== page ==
RUFFOLO: ‘Alt-right’ supporters will persist after Trump era

Alt-right+supporters+stormed+the+U.S.+Capitol+building+Jan.+6.+Photo+via+Flickr

Alt-right supporters stormed the U.S. Capitol building Jan. 6. Photo via Flickr

This story is part of an Opinions series focusing on how the Trump presidency ended. 

Former President Donald Trump may have left office Jan. 20, but it is important to understand that his fanatical base, which includes many members of the “alt-right,” will remain.

The “alt-right,” also known as the alternative right or far-right, consists of people with strong right-wing ideological leanings, most notably ones that include white nationalism, chauvinism and nativism. Far-right ideologies are not just American-centric nor something particularly new, as far-right wing nationalism has been growing across Europe after experiencing mass immigration. However, the proliferation of “alt-right” ideas on social media, which grew particularly notable in 2016, have propelled a somewhat fringe movement into the mainstream.

“Alt-right” ideas are spread through platforms like 4-chan, an image-based messaging board forum, as well as Reddit, YouTube and Twitter. It’s also propagated through meme culture that often includes innocuous pictures and memes and transforms them into grand messages of hatred. 

The “alt-right” is careful and effective in gaining new adherents, and it sells itself particularly well to frustrated people who feel alienated and disadvantaged in today’s society, most often young white men. It is thought that hyper-capitalism breeds angry white men, who feel both a victim to their employer and to the mainstream media that characterizes them as boorish and ignorant.

The storming of the Capitol Jan. 6, in which armed Trump supporters looted, occupied and vandalized parts of the building after bypassing and assaulting Capitol police, was evidence that “alt-right” frustrations had reached a breaking point. The goal was to protest what they believed was a “stolen election,” with claims of electoral fraud.

Some “alt-right” organizations include the “Proud Boys,” a group of self-described Western chauvinists who believe Western ways of life — most often American-centric — are superior to those that are non-Western. The “Proud Boys” are know for their extreme anti-immigration views and hardcore Islamophobia.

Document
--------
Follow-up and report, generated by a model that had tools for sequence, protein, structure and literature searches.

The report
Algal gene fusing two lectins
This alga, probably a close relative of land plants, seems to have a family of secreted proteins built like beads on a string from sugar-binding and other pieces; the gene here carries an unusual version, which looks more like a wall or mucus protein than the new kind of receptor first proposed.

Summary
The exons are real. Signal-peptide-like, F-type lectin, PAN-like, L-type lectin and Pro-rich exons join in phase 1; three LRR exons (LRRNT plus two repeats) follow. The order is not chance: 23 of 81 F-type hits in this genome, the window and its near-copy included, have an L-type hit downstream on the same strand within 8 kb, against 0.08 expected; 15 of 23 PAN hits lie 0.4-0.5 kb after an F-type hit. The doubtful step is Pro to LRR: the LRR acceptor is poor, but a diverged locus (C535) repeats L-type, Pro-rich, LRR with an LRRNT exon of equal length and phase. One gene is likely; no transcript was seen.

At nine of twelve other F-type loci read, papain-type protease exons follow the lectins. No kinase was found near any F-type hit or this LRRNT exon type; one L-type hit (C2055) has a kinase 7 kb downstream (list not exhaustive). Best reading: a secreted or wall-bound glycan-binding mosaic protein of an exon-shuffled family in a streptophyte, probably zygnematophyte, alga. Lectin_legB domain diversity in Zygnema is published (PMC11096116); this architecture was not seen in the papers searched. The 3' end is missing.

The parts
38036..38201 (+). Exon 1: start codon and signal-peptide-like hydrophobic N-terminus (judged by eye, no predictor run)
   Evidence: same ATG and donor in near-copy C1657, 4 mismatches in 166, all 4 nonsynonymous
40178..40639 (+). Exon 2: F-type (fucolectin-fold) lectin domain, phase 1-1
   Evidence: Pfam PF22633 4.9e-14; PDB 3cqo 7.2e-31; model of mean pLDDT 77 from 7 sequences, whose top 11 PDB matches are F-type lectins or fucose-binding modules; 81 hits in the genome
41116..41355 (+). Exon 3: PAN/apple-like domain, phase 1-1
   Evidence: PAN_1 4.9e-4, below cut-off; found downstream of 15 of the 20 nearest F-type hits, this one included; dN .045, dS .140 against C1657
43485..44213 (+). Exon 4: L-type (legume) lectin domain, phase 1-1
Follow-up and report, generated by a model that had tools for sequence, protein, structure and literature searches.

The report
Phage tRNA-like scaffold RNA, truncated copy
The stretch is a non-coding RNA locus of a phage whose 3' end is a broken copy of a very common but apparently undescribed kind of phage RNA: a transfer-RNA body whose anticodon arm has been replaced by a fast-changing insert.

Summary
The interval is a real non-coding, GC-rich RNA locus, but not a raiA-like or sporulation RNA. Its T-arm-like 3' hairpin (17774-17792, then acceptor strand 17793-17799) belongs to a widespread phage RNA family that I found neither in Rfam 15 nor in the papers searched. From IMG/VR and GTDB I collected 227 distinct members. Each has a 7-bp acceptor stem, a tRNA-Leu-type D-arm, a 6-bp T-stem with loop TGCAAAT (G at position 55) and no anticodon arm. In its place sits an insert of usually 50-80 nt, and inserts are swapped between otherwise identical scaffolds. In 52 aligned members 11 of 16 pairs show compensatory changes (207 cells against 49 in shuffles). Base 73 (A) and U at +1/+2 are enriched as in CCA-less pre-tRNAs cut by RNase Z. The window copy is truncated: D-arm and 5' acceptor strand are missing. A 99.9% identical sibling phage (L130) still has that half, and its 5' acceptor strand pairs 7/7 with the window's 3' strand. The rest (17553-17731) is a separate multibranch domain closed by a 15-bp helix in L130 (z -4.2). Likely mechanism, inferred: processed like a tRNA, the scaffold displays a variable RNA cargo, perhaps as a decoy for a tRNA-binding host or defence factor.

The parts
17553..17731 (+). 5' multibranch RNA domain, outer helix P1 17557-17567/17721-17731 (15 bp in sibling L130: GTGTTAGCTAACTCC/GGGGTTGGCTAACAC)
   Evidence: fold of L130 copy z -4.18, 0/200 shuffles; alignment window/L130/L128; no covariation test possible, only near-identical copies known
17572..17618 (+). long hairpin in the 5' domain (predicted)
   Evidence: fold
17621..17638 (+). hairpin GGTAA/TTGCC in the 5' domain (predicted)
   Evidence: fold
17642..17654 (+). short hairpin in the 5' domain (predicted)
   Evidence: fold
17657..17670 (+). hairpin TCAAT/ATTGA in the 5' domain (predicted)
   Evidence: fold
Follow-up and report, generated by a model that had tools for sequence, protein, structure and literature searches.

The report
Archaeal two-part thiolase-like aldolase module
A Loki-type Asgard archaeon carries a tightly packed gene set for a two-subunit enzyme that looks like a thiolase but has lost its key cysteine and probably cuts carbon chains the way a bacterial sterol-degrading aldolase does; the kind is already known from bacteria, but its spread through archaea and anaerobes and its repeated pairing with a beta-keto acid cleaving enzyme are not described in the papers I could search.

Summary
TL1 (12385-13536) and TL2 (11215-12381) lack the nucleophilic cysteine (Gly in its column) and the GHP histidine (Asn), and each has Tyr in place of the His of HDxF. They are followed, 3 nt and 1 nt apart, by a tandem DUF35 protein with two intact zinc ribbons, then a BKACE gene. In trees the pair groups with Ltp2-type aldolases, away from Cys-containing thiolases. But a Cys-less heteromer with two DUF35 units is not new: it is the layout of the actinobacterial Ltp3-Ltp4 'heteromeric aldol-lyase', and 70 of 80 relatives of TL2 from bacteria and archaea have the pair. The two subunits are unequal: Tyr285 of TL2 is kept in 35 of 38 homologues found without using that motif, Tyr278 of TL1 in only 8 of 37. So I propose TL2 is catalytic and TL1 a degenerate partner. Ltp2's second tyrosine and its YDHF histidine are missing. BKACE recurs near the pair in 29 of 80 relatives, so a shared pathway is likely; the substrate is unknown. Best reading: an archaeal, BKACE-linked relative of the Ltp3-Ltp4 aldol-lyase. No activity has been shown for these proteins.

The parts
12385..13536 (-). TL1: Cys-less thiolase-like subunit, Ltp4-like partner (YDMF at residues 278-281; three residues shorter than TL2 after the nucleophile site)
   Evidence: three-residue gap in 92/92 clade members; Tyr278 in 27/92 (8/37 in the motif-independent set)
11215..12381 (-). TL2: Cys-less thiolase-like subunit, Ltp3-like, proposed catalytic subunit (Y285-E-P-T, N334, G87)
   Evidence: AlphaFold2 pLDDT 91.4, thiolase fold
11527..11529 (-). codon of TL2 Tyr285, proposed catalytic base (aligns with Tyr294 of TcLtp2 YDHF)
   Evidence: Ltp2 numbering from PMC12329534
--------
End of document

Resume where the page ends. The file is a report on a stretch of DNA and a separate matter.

In addition to groups like the “Proud Boys,” there has also been an influx of conspiracy theorists, who, with their strong level of government distrust, often blend their ideals seamlessly into the “alt-right.” One of the most popular conspiracy theorists is Alex Jones, known for his show “Infowars.” The most popular conspiracy theory is the theory Hollywood and top Democrats are pedophiles, which is known under the umbrella term of QAnon. According to those who subscribe to this belief, Trump was recruited to break up and destroy this ring of sex-traffickers. While the theories are often bizarre and fantastical, it does reveal the deep mistrust and repulsion of corporate Democrats, such as the Clintons, and the increasingly skeptical attitudes toward Hollywood elites.

The “alt-right” differs from traditional neo-conservatism of Republicanism; it is often populist. It calls out a lot of corruption and evilness that exists in today’s America, such as corporate establishments’ stronghold on politics and society and recognizes the pain and anguish present in so many of America’s rural areas. It tells them their struggles are not their fault.

People are tired of phoniness. Time and time again politicians have made empty promises, focused solely on capital and the well-being of their wealthy cohorts instead of their constituents. The unfortunate reality is that the “alt-right” has come into power because they are correct about many of the ills of American life. However, their reasons for why and their solutions to fix these issues are often both erroneous and egregious.

They tell poor, white Americans that their poverty comes not from corporate greed, but from those who look different from them. Instead of promoting general welfare and social harmony, they seek to bring out the worst in people, to use society’s most vulnerable as scapegoats in order to ease the hurt of the few. But one of the biggest hindrances of the “alt-right” is they blame those who often have nothing to do with the hurt of the poor. There is no real message of progress in the “alt-right,” but one of extreme racial hatred and destructive violence. 

In order to attempt to prevent “alt-right” ideologies from growing, it is important to try to stop the hurt and desperation that leads to people turning to it. The pandemic has heightened people’s suffering and their economic desperation. The Biden administration must address this hurt by continuing to enact policies that directly relieve people stifled by economic burdens. Among the most important of these is enacting COVID-19 stimulus packages, raising the minimum wage, creating “Medicare for All” and strengthening labor laws. In addition, Biden must stand up to corporations and monopolies by limiting their power, taxing them heavily and overseeing the ethical treatment of their employees. It is important to mend the disastrous effects corporate food giants and failed industry has left rural Americans increasingly more economically unstable. To prevent individuals from feeling so desperate and hopeless that they feel the need to entangle themselves in a world of nihilism and cynicism, the government must make a real effort to improve the quality of citizens’ lives.

Because when tough economic issues persists, the “alt-right” continues to dwell; benefiting from human suffering, they will persuade more and more people into fighting for and subscribing to their hateful rhetoric.

This story was written by Lucia Ruffolo. She can be reached at lucia.ruffolo@marquette.edu.